Egypt issues its first Islamic sukuk

Doaa A.Moneim , Tuesday 21 Feb 2023

Egypt initiated on Tuesday the issuance of its first US dollar-dominated sovereign bonds, known as Islamic sukuk, with a maturity of three years, in an effort to bridge the anticipated financing gap over the next four years.

US dollars
This file picture taken on August 25, 2022 shows Egyptian pound, British pound sterling, and US dollar banknotes. AFP


The Islamic sukuk mainly targets investors from the GCC market who prefer to invest in an Islamic compliant investment instrument.

According to the minister of finance after being contacted by Ahram Online, all further details will be revealed later on Tuesday.

According to Bloomberg, the initial yield set for this issuance is above 11.6 percent.

Egypt has assigned HSBC, Crédit Agricole, Emirates NBD, First Abu Dhabi Bank, Abu Dhabi Islamic Bank, and City Group to manage the issuance process.

Under their new $3 billion loan deal with Egypt, the International Monetary Fund (IMF) estimated Egypt’s financing gap Egypt will reach $17 billion over the four years of the deal’s programme.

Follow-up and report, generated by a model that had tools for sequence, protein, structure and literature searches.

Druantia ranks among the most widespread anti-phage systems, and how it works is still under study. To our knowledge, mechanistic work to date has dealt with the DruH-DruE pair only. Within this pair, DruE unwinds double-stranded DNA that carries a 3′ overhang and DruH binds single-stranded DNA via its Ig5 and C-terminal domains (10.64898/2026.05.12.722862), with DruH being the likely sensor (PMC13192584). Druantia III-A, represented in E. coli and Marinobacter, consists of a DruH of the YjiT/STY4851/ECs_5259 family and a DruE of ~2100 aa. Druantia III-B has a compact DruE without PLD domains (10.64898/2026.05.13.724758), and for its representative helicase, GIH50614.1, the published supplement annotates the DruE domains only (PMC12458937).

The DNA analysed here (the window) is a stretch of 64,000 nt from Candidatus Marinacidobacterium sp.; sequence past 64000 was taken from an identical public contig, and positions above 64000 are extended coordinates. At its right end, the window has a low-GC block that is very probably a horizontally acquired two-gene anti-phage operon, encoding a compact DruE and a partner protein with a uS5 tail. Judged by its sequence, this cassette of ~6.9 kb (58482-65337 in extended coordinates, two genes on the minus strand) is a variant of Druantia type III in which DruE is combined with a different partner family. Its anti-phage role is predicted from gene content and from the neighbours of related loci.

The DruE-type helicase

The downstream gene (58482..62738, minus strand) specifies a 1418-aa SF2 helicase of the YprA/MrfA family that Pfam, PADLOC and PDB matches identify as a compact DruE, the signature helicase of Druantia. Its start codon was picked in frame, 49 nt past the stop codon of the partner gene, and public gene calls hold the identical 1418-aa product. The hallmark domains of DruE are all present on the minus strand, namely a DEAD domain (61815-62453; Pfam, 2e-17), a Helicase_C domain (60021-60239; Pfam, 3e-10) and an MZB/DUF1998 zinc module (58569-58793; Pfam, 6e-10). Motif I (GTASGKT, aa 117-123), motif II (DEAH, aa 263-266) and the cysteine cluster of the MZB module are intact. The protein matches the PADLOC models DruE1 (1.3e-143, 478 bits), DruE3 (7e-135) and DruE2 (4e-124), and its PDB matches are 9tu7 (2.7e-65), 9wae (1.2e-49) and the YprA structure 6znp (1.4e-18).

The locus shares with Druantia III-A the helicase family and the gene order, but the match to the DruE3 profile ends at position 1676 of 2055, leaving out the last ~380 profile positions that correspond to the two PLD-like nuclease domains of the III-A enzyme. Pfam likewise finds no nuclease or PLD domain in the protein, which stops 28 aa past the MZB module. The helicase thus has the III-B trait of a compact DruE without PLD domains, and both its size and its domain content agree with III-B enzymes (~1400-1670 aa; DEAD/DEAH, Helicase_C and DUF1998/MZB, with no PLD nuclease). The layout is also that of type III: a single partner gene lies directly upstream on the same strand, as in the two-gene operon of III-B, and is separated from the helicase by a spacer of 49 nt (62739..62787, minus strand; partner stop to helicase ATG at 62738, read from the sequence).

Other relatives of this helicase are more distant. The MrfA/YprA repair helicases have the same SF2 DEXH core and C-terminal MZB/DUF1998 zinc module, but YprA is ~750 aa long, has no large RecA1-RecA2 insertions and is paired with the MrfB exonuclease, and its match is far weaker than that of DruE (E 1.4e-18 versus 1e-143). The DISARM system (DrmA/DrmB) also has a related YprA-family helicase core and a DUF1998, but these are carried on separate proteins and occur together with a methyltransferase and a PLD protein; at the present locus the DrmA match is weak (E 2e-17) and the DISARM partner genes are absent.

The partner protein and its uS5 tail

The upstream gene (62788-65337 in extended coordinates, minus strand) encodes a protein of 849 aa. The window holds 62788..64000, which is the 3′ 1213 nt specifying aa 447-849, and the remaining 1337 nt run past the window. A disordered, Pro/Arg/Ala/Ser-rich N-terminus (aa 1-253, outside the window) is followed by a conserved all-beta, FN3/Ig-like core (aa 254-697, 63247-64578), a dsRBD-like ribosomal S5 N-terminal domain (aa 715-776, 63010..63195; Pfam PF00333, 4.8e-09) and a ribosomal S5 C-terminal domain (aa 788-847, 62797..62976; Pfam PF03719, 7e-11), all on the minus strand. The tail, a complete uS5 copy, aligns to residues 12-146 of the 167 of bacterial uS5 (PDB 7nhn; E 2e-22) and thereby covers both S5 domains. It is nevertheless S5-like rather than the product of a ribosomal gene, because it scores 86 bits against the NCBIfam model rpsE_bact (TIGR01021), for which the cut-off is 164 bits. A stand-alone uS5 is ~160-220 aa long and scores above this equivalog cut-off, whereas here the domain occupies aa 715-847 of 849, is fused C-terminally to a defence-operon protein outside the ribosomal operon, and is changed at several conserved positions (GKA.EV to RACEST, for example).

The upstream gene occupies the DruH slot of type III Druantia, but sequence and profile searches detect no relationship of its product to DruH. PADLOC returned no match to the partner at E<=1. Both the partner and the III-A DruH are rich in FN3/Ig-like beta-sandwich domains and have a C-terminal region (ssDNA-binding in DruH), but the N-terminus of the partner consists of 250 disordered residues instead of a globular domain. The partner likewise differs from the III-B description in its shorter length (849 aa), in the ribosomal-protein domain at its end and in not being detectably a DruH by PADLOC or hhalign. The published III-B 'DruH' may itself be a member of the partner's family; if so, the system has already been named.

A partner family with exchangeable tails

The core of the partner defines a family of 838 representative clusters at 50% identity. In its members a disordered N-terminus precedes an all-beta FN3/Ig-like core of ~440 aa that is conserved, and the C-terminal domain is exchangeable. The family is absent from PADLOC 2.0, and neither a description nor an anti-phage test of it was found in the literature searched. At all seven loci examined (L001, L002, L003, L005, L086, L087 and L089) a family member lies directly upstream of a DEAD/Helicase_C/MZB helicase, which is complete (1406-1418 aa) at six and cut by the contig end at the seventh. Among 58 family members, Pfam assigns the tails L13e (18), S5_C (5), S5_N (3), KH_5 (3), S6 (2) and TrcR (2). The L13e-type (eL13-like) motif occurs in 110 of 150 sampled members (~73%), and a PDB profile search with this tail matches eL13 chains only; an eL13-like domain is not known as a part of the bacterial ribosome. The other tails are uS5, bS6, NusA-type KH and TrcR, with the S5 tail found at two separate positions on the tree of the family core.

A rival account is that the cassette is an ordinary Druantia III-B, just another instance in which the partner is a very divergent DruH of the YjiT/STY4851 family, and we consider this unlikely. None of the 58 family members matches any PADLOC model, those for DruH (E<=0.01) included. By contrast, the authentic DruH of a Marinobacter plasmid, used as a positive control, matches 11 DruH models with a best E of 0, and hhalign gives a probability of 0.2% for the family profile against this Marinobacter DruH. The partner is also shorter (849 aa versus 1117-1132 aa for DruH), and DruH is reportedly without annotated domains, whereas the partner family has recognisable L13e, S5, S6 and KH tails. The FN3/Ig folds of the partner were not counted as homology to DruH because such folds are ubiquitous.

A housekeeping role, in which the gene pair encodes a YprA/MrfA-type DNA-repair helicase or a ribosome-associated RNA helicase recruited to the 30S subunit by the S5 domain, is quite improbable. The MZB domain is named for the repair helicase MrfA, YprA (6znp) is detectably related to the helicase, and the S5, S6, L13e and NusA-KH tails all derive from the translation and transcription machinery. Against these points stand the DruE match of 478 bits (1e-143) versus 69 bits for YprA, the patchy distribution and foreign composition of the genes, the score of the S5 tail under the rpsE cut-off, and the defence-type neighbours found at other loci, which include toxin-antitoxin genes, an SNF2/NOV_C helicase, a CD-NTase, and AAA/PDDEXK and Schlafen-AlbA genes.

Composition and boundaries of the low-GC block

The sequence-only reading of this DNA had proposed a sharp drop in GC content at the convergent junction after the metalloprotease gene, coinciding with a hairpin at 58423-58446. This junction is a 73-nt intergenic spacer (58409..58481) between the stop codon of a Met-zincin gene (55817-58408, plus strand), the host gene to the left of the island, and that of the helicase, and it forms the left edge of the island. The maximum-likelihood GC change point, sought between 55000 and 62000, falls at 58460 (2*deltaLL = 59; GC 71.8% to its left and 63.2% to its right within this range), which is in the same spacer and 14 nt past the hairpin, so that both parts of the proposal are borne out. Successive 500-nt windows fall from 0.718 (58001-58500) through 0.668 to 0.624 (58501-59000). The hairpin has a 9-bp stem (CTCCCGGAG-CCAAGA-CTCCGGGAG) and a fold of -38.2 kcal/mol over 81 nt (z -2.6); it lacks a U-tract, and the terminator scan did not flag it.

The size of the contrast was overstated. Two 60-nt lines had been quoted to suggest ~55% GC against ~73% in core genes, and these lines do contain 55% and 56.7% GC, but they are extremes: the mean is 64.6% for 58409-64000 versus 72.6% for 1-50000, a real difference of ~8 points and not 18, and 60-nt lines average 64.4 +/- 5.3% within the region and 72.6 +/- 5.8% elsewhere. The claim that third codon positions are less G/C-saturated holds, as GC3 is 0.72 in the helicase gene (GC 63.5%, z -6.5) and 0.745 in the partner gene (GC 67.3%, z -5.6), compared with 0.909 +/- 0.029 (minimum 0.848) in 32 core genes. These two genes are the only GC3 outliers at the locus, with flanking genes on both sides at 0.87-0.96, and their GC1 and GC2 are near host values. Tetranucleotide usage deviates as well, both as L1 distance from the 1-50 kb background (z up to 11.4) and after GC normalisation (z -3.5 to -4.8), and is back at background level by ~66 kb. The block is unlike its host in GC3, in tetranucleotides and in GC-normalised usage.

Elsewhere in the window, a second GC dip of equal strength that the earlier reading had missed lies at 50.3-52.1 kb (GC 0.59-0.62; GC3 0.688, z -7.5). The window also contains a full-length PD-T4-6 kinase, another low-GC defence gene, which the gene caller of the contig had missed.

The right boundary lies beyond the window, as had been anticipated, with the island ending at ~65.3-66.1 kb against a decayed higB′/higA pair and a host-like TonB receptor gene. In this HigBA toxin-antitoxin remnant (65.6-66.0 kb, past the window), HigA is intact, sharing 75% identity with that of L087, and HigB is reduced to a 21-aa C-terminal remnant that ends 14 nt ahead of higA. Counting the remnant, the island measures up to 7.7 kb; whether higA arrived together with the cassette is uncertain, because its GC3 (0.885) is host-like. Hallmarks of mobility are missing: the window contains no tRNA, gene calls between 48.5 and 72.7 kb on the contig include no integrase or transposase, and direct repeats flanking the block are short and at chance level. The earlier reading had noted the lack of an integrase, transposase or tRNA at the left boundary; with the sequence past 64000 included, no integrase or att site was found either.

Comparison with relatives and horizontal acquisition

Egypt is endeavouring to bridge this gap through securing other loans from a number of international financial institutions (IFIs), including the IMF and World Bank, along with selling a segment of state-owned assets with an initial targeted collection ranges between exceeds $8 billion through the end of the IMF-backed programme.

Egypt is set to initiate its initial public offering (IPO) programme through which it will offer 34 state-owned companies in 18 economic activities to be floated in the Egyptian stock exchange and to be offered to strategic investors.

Since the onset of the war in Ukraine, Egypt has depreciated its local currency by over 100 percent and hiked its key interest rates by a total of eight percent, which both have contributed to the exodus of about $25 billion in indirect investments and caused a shortage in the hard currency in the local market, especially in the US dollar.

As the elevated inflation forced the central banks globally to tighten their monetary policies, chiefly the US Federal Reserve and the Central Bank of Europe, the capital market has been witnessing a significant fluctuation.

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